The 1994 World Cup was strange for many reasons. It was the first without Scotland for 20 years. (Seems strange nowadays, but true back then.) And I was living in Haiti. (Which was strange. Period.)
Living in Haiti was always exciting but it was never easy. Normally we got about eight hours of electricity a day, from around midnight to 8am.
For the months leading up to the World Cup they rationed electricity even further. The Haitian military ruled the country and they knew you couldn’t mess with the World Cup. They wanted to make sure all the games would be on live. If they weren’t, they knew all hell could break loose.
I usually knew when the electricity was back by the sound of the fridge motor starting up, or the overhead fan whirling. My roommate and I had bought a car battery and that recharged enough to give us juice to keep our computers running and the odd bit of music if we were lucky. (Bonnie Raitt’s Luck Of The Draw was the album I most recall playing on my old boom box.)
The World Cup, when it started, was like nothing I’d ever experienced. Haitians love football and they usually support Brazil, Argentina and the Africa sides. (More than 90 % of Haitians are black.)
When Brazil won, thousands of people took to the streets to celebrate. The military government had banned any large gatherings but they turned a blind eye to this one. People shot their guns in the air to celebrate. The brave ones held their hands in the air, fingers splayed in the No. 5. That was ostensibly for Brazil’s 5th World Cup win. But it was also a show of support for Jean-Bertrand Aristide, the deposed president who was No. 5 on the ballot papers four years previously.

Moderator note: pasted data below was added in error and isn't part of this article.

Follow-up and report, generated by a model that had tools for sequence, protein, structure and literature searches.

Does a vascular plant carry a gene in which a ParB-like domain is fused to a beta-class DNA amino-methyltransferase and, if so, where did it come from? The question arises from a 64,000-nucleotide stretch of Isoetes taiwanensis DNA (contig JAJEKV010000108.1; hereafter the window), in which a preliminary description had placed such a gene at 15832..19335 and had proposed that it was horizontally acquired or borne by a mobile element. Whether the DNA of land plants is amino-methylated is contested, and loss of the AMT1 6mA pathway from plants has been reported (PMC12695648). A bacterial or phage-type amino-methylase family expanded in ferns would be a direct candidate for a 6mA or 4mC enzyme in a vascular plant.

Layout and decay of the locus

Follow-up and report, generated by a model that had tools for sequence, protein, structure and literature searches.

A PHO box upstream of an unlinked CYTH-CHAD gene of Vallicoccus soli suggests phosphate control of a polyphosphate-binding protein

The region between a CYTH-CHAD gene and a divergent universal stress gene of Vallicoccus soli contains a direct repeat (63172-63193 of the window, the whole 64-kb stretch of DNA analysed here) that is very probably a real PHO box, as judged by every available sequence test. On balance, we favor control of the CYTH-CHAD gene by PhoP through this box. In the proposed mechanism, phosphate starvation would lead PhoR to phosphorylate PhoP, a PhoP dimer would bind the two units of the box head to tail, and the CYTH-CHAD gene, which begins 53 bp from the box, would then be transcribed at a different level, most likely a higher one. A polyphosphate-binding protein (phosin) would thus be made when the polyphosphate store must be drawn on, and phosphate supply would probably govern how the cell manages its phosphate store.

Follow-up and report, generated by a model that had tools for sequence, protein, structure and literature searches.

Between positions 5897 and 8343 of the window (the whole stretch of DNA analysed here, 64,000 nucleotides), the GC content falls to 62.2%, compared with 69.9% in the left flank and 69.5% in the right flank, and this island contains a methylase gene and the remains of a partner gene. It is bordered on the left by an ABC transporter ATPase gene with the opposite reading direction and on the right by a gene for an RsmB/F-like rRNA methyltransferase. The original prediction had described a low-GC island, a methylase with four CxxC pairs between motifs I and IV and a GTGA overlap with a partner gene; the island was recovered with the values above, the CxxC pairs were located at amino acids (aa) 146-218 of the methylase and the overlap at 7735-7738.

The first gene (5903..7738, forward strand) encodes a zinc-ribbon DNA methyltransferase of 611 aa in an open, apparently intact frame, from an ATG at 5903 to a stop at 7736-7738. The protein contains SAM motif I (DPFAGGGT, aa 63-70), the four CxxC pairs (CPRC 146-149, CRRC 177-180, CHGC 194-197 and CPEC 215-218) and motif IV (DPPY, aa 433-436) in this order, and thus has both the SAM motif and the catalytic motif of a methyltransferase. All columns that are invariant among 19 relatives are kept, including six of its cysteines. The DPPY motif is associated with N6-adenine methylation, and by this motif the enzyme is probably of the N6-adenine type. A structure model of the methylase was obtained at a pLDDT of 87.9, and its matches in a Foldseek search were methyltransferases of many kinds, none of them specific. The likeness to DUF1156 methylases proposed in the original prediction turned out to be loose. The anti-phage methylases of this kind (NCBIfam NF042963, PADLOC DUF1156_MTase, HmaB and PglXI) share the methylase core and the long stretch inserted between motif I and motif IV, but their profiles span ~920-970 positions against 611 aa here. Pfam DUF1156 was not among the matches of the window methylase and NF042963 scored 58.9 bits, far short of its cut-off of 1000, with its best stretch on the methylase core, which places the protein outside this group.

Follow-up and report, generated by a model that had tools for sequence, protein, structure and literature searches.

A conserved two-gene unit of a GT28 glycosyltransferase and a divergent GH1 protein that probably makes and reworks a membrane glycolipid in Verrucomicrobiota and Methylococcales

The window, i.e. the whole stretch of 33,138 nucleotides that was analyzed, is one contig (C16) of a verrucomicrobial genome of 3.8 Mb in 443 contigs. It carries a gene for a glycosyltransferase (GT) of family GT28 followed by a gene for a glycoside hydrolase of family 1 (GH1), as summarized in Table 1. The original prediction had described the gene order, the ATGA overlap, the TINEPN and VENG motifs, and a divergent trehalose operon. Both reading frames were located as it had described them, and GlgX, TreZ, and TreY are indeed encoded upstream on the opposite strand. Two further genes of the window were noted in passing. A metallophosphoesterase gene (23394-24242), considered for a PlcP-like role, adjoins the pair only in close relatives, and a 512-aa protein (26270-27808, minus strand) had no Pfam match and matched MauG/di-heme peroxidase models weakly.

With a US invasion looming – American troops would arrive two months later – I wasn’t paying full attention to the football. After all, Scotland weren’t there so there was no one to cheer for and neither were England so there was no one to cheer against.
But I do remember one sunny Sunday sitting on the balcony of the famous Oloffson hotel (pictured above), the hotel made famous in Graham Greene’s novel The Comedians. I was having lunch with the Venezuelan ambassador and all of a sudden a big roar erupted from the favelas aroundabout. She was freaked (unexpected noise usually meant violence in Haiti) but I knew it was football.
This had just happened:
I went to see a few games of football in Haiti but the standard was pretty low, and I was used to watching Hibs. So when I think of Haitian football, I think of the 1974 World Cup and Emanuel Sanon.
It’s the celebrations that get me every time.